Nigerian soldiers have discovered one of the more than 200 schoolgirls abducted by Boko Haram operatives in the conflict-torn northeast eight years ago, according to the military.
The April 2014 attack on a girls’ boarding school in Chibok, Nigeria, and the subsequent mass kidnapping sparked international outrage and a global #BringBackOurGirlscampaign.
On Wednesday, the military announced on Twitter that troops on patrol had discovered Mary Ngoshe, a young woman carrying a baby near Ngoshe village.
“Troops of 26 Task Force Brigade on patrol around Ngoshe in Borno State on 14 June 2022 intercepted one Mrs Mary Ngoshe and her son,” the statement said.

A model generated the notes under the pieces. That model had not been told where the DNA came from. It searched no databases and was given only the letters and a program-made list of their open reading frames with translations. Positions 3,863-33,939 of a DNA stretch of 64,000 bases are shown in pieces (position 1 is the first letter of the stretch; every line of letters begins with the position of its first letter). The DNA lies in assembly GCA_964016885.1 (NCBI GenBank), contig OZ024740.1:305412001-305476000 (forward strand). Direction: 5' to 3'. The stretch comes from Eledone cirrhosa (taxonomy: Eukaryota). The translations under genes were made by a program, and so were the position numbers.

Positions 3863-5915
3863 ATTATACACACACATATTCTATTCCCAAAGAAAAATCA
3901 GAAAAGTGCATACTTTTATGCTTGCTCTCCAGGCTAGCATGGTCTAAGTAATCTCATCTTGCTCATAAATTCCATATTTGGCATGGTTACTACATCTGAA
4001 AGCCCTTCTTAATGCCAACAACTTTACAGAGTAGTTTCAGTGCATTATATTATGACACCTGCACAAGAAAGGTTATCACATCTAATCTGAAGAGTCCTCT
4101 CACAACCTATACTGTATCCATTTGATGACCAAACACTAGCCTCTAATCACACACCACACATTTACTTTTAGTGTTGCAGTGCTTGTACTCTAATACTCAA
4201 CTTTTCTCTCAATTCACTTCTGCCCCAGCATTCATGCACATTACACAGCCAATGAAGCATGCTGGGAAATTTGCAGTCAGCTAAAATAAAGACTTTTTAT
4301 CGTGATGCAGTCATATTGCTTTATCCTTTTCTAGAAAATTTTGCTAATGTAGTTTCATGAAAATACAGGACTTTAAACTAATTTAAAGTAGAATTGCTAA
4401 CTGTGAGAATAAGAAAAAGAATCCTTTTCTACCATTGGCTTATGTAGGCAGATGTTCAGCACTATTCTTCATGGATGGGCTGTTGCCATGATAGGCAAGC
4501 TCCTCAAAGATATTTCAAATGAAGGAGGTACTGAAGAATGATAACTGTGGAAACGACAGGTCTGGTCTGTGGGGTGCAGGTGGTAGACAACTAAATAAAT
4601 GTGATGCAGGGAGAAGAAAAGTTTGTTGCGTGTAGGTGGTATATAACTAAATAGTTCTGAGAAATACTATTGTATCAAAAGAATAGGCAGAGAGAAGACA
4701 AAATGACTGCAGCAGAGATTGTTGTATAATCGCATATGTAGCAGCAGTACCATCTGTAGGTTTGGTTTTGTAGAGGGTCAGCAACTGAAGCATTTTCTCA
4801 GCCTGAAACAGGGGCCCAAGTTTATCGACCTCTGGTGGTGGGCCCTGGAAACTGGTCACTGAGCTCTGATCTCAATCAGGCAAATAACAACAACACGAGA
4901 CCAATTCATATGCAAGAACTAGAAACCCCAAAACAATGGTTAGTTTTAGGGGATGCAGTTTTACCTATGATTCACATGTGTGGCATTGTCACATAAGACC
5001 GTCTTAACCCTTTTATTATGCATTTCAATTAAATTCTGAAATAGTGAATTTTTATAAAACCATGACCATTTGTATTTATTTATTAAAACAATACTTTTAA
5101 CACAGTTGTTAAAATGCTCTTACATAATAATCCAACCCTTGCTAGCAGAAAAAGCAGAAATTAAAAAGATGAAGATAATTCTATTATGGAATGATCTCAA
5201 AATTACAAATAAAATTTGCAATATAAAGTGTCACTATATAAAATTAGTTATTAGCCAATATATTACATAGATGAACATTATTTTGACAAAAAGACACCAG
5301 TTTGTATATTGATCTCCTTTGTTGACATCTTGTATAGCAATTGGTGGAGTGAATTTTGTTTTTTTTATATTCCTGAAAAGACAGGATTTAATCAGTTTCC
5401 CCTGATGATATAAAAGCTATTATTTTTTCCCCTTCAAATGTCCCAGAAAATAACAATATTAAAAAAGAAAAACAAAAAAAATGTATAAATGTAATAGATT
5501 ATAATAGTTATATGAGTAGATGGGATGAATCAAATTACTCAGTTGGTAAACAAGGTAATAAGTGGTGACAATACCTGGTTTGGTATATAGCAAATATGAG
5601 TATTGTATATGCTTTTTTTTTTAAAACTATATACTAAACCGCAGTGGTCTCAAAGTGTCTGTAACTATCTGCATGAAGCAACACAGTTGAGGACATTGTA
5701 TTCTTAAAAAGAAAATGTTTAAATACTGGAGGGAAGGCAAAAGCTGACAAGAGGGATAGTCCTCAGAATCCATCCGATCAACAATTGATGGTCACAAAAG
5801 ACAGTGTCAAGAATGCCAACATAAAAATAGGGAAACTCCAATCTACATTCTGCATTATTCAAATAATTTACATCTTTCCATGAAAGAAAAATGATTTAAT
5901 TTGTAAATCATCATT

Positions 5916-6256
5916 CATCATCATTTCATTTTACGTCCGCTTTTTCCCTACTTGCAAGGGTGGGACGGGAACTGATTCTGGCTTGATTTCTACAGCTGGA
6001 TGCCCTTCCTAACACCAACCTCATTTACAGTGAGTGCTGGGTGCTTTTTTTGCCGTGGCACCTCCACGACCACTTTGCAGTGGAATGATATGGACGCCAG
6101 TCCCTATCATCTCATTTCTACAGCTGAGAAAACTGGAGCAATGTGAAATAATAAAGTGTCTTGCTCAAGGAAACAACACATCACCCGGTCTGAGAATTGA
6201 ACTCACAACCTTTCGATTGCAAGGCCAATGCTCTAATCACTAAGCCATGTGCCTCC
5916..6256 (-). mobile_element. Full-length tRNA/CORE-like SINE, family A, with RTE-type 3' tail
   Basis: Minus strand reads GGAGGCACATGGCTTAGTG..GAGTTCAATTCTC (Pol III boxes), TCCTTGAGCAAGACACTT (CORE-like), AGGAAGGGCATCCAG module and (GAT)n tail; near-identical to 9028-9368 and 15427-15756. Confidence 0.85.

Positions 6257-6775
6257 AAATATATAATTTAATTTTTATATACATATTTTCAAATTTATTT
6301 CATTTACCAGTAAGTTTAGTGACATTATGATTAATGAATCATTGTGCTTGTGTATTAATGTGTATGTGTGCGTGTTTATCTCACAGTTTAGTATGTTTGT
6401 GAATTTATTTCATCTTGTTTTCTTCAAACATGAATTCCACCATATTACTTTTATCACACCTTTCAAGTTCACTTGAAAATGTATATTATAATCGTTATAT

“She is believed to be one of the abducted girls from GGSS (Government Girls Secondary School) Chibok in 2014,” it added, releasing a picture of a young woman and a child.
On April 14, 2014, the group abducted 276 students aged 12 to 17, and 57 of the girls managed to flee by jumping off the trucks they were herded on.
More than a hundred young women have yet to be found. According to propaganda videos released by Boko Haram’s late leader, Abubakar Shekau, some are believed to have been married off to fighters.
Several armed groups have carried out mass abductions and deadly attacks on schools in northern Nigeria since the Chibok school mass abduction.
Students have been kept out of schools as a result of the violence, and the United Nations estimates that more than 18.5 million Nigerian children do not have access to education.